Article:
The one thing that makes gives me more of that bone-chilling existential dread than anything else in the world, the thing that makes me question the fundamental physical underpinnings of the universe and fear the answers, is code that stops working as you’re staring at it, at the exact moment you realize that it should never have worked in the first place.

Not cool, universe. Not cool at all.

Meta, Circular

I took this picture of Maya taking a picture of a Skype session with her grandfather, in which the camera on my computer embedded a picture of her in the corner of the picture his computer took of him holding up a picture of me from when I was 12 years old, holding a camera. While thinking to myself privately that Douglas Hofstadter was, on reflection, a bit of a simpleton.

It took me a few minutes to shake this moment off, let me tell you.

16:11 < colleague> if they do a sequel I so dearly hope ben stein and charlie sheen aren't invited
16:11 < mhoye> "... Drugs?"
16:11 < mhoye> I think they have to be.
16:14 < second_colleague> why no ben stein?
16:14 < other_colleague> cause he's gone INSANE
16:16  * mhoye thinks they should swap roles.
16:16 < colleague> yeah, ben stein took a leap off the pier of reason a few years ago
16:16 < colleague> what with that anti-evolution movie, etc.
16:17 < other_colleague> "who stole ben stein's brain?"
16:19 < mhoye> A beat down, leather-clad, exhausted looking Ben Stein, sitting in a police station, turns his bruised hangover towards Jennifer Grey, and mutters "... Drugs?"
16:19 < colleague> perfect
16:25 < mhoye> Earlier in the movie a pale, drawn Charlie Sheen, his skin drumhead-taut from years off staving off a sudden transformative collapse into becoming Keith Richards, stands in front of a class of middle-aged losers in an adult high-school trying desperately to act bored and boring and failing miserably. His eyes dart around the room like a cornered animals'; he practically vibrates in place, grinding his clenched teeth together as he slowly mutters the words "Beuller? Beuller? Beuller?" over and over, desperate to hear somebody, anybody say 'cut'.
16:28 < mhoye> Meanwhile in a trailer somewhere a resigned Jeffrey Jones sits with a half-empty bottle of rye, wearing a pre-tattered suit, a scorched bowtie and the black eye makeup grafted onto his cheeks three hours ago, waiting for the knock on the door that means he's going to get pulled through the thresher again.
16:29 < mhoye> Honestly, the making-of movie here could be far, far better than the movie itself.

Seriously. A documentary about the making of a middle-aged sequel to a much-loved teen movie has the potential to be some of the darkest comedy, the most grimly existential filmmaking the world has ever seen. “Ferris’ Wheel”, I’d call it, in the spirit of Jacob’s Ladder.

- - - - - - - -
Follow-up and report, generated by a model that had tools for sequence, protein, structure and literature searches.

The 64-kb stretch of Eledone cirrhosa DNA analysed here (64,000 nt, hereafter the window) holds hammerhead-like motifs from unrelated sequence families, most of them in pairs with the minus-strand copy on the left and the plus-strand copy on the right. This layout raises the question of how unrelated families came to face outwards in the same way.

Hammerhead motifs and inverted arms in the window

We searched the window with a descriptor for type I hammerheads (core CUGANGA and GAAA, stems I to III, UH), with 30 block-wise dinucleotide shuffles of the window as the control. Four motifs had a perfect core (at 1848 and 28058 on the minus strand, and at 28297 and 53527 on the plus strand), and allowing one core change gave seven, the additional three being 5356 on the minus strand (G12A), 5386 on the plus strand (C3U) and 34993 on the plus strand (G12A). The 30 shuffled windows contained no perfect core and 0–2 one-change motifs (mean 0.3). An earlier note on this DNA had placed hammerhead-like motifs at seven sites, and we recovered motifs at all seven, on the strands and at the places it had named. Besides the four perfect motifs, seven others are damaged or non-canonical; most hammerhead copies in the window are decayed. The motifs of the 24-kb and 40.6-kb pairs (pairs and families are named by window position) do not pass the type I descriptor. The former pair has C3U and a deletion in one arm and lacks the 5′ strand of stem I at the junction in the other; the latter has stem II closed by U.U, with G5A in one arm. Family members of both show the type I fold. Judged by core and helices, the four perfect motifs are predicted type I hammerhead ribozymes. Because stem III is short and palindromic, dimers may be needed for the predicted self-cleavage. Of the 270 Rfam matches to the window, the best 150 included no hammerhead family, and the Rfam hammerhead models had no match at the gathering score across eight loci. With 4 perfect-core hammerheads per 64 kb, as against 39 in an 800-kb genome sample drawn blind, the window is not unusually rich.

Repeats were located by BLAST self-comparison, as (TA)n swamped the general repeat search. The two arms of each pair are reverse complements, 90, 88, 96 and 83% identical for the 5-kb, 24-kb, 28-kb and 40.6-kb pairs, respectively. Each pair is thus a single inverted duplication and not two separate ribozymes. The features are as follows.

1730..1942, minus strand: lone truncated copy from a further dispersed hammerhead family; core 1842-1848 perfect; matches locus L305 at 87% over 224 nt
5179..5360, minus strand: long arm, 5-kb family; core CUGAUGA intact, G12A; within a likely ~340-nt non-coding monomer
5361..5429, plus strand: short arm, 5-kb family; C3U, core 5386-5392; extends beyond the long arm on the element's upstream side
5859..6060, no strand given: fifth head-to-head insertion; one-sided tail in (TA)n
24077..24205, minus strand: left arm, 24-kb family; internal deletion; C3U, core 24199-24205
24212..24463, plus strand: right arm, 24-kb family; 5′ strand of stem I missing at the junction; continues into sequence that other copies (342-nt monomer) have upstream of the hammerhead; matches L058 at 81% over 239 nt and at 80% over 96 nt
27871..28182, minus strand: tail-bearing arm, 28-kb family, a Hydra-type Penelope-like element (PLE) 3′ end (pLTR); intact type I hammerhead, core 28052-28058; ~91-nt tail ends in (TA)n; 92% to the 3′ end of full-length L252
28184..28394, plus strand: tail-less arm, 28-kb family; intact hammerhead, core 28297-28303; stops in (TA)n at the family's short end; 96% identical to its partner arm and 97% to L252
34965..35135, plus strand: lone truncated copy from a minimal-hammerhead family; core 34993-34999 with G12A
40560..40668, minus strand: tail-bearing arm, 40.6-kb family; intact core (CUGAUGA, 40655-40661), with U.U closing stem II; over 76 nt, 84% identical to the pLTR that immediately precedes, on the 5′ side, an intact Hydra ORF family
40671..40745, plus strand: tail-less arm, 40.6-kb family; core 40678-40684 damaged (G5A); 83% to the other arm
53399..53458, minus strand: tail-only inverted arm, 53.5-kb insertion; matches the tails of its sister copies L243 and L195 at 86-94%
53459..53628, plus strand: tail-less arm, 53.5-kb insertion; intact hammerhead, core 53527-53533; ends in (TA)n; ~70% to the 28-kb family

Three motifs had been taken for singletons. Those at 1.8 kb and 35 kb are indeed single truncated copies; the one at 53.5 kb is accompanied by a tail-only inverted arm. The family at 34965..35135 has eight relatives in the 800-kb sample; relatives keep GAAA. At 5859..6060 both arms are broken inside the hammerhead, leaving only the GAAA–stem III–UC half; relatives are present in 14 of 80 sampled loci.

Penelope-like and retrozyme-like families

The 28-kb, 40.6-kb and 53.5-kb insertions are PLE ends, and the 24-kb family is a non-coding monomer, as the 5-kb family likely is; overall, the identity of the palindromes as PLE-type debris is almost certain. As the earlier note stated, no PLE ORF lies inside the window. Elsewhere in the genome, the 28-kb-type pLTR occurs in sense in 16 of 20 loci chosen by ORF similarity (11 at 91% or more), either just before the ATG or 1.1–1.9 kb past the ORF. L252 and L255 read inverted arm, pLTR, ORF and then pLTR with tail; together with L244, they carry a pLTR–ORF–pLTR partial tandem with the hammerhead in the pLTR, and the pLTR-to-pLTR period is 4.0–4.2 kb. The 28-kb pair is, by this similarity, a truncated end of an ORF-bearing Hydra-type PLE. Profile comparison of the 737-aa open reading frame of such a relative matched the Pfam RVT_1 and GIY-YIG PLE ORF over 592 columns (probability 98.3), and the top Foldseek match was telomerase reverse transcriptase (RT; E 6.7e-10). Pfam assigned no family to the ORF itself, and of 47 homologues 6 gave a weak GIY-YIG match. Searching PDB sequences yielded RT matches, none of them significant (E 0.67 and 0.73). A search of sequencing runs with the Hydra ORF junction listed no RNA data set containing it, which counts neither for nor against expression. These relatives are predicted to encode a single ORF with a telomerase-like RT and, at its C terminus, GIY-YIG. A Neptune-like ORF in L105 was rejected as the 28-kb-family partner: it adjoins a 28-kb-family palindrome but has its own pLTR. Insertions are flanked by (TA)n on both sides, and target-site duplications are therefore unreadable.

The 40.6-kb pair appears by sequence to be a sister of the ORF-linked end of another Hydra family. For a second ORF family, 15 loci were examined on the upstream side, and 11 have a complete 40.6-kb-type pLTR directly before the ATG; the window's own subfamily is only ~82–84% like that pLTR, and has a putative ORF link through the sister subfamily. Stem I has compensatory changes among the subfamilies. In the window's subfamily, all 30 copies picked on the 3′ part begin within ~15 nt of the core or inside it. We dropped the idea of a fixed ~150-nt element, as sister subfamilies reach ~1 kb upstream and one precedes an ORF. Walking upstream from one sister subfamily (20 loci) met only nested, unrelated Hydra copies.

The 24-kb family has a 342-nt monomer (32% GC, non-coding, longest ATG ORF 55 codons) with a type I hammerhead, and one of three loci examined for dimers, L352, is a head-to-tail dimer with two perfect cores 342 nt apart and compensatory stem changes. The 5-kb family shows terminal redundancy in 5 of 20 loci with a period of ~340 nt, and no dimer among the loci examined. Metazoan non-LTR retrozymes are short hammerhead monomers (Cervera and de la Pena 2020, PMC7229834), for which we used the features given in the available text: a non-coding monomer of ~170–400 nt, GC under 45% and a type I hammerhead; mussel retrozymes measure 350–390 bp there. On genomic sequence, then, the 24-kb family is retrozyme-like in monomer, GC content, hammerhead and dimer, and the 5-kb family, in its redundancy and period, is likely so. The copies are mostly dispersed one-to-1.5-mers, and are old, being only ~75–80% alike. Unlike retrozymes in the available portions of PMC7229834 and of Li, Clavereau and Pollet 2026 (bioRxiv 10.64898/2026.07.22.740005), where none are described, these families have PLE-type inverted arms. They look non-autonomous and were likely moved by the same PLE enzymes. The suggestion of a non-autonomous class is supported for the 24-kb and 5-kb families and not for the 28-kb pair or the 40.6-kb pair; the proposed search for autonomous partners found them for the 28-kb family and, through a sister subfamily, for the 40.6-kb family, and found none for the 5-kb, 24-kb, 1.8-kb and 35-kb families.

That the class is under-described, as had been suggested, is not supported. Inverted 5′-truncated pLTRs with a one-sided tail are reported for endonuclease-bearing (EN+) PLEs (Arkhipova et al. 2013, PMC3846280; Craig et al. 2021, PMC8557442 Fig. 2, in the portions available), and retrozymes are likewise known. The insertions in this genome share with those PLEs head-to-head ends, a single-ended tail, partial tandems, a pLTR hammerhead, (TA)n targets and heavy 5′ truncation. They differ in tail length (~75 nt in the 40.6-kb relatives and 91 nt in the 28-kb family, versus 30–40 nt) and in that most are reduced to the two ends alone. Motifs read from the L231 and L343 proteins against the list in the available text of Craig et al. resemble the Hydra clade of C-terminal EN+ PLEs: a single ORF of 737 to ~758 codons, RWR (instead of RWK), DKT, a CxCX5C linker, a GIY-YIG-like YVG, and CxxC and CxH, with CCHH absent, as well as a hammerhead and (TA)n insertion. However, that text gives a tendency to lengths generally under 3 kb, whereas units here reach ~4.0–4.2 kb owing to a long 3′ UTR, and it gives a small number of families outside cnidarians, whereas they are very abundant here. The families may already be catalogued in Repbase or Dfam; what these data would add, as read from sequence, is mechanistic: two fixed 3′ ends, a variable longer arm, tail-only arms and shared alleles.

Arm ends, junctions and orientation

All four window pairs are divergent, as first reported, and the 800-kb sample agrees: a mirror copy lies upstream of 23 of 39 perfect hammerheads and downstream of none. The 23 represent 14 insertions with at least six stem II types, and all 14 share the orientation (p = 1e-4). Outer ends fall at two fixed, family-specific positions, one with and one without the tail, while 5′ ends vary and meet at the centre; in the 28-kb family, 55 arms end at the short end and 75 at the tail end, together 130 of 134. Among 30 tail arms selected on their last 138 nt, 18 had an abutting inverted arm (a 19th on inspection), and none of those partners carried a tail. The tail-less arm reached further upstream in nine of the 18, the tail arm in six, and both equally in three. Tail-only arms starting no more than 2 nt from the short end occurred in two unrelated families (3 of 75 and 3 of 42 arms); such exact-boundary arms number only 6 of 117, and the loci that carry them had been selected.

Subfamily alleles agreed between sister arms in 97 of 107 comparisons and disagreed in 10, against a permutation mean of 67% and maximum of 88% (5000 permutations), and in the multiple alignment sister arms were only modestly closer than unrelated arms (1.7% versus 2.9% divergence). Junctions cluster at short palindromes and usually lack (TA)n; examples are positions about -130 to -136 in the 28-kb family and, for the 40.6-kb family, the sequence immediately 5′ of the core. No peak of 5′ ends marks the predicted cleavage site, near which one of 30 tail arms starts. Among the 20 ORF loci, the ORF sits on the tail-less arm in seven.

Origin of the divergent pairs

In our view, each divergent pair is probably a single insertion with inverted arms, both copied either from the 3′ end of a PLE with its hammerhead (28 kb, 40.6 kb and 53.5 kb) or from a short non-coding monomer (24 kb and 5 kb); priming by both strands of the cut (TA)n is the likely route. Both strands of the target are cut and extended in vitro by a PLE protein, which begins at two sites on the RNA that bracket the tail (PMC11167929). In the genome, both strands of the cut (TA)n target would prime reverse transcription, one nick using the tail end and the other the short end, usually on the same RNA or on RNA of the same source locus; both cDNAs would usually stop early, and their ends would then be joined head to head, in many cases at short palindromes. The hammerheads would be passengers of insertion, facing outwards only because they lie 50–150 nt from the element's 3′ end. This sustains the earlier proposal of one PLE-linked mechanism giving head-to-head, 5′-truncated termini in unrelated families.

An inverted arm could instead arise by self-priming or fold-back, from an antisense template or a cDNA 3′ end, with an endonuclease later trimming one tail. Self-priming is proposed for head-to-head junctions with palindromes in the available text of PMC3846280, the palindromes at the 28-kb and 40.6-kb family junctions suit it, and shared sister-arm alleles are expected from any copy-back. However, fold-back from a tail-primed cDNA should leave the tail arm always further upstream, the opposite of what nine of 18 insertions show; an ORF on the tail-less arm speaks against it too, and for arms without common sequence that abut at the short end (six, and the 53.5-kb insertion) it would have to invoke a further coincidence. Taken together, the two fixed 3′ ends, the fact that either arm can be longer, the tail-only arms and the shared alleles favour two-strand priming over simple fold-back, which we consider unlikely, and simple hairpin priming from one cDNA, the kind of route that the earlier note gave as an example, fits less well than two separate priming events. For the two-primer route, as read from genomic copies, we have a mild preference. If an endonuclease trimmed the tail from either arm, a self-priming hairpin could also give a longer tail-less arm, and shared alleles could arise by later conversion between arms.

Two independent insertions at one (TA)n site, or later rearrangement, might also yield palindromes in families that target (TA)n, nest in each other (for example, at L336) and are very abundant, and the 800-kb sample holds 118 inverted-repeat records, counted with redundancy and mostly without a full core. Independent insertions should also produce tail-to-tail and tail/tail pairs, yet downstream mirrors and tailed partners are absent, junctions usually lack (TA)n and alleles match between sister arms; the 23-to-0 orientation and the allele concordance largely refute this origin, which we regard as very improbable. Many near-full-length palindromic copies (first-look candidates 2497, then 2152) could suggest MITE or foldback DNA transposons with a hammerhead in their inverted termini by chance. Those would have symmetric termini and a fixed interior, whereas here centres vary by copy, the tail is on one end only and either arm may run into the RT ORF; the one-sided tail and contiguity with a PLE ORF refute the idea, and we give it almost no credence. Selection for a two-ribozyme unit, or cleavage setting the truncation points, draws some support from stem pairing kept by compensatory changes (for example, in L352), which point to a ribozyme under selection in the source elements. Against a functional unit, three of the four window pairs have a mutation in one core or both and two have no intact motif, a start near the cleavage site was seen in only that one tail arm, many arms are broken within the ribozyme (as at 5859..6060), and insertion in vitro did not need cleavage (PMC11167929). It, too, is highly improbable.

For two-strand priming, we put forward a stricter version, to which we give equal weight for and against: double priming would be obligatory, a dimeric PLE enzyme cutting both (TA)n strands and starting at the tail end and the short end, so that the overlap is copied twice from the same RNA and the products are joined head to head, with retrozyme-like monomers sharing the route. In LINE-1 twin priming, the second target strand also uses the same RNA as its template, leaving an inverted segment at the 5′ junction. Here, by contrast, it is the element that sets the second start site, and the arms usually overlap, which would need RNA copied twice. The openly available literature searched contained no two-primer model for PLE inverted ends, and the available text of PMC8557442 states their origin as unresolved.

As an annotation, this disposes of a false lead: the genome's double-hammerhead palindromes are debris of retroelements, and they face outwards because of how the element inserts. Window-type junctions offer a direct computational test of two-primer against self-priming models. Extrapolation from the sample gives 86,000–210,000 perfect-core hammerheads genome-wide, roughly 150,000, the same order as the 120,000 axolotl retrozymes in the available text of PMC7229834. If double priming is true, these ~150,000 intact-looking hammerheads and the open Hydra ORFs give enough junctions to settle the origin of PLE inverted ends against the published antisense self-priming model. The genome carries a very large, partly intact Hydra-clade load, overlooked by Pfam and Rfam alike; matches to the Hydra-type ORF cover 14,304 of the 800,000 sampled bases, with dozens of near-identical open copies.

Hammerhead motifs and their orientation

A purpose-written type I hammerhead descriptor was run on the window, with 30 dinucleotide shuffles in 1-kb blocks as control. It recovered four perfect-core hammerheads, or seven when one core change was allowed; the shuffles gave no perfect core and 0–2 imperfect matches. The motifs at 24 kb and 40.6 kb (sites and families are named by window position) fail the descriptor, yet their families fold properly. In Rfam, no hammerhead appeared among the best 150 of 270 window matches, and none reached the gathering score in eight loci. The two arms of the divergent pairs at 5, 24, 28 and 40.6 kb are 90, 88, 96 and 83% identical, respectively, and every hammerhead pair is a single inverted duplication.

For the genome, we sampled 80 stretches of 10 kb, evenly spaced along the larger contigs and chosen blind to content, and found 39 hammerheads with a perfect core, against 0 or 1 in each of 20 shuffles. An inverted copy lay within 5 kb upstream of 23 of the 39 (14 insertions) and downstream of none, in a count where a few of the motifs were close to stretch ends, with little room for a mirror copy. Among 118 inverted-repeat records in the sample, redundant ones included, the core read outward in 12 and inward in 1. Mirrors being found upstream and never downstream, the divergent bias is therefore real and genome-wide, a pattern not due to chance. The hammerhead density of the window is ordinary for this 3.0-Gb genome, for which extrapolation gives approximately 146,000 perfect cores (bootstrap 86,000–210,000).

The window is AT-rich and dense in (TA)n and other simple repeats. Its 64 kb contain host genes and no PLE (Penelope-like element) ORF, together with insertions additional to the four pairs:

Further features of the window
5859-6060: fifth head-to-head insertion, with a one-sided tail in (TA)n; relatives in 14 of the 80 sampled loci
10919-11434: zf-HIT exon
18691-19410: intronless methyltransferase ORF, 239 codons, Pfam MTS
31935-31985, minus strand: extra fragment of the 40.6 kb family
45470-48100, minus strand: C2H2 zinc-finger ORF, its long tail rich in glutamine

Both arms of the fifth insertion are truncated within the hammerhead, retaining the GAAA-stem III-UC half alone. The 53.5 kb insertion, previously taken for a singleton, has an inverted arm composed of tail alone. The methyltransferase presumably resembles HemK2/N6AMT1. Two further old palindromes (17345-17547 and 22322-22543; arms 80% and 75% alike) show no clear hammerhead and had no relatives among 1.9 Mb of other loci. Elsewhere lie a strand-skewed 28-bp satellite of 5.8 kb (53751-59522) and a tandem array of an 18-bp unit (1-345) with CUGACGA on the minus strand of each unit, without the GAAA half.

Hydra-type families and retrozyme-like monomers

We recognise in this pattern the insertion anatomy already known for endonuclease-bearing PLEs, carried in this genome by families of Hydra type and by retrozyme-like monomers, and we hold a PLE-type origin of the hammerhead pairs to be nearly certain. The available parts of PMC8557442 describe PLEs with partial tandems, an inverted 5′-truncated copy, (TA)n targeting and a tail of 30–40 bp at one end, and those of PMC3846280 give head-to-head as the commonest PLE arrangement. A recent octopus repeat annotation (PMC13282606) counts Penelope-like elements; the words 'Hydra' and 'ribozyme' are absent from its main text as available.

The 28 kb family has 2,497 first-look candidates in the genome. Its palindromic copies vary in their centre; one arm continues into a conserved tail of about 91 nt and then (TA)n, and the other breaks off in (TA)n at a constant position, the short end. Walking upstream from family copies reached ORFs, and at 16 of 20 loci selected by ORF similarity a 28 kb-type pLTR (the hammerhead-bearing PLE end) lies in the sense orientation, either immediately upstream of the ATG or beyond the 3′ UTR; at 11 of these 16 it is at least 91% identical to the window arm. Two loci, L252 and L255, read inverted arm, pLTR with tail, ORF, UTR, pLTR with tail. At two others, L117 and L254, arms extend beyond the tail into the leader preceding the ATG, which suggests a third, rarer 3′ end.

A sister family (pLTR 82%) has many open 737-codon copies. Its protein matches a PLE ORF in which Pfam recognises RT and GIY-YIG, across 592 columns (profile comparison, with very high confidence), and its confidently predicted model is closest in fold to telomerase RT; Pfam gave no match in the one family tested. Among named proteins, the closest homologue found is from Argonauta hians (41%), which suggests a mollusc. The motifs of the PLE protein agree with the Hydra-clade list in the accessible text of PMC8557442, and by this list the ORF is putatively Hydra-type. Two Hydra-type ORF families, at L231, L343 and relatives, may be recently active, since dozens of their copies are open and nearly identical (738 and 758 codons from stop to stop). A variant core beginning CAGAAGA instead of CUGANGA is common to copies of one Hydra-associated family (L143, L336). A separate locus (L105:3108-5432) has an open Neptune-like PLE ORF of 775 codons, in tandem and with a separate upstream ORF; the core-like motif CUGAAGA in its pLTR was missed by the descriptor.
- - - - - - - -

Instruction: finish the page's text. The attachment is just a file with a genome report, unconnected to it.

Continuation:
UPDATE: It’s just a super-bowl ad. That’s about as saddening as possible.

“By the way, if anyone here is in marketing or advertising, kill yourself.”

– Bill Hicks.

Added the “losers”, “hate” and “fail” tags.

I don’t think I’m actually done this, so just pretend it’s a late draft. I might try to tighten it up later, but here you go; I hope you’re interested. Yeah, this is still about Portal 2, so bear with me. It’s not like Gears Of War deserves to be dissected like this, you know?

I’ve been spending some time chasing this idea around in the bowels of the Aperture Science facility, taking copious notes as I wander through the middle bits of Portal 2 again. There’s some important context here that it may help to be familiar with, but just playing through Portal 1 and 2 should be plenty.

It’s probably because I’m sentimental, but to my mind an important thing about Quest- or FPS-RPGs that doesn’t get much attention, at least as far as video games is concerned, is that you actually are playing a role. Video games differ fundamentally from most narratives (and are closer to real life, in this sense) in that you are being allowed to shape a story and participate in a universe that you don’t fully own, and can’t fully command; the character whose role you play predates your presences in that space, and has a story that is in some sense theirs, reaching forward and back beyond your brief manipulation of their limbs and choices. Sometimes you need to take the time, wherever your character finds themselves – a dungeon, a running firefight, a ruined building or an open field – to do something that’s not relevant to your goals, or even to you personally, just to do some justice to the character you’re playing.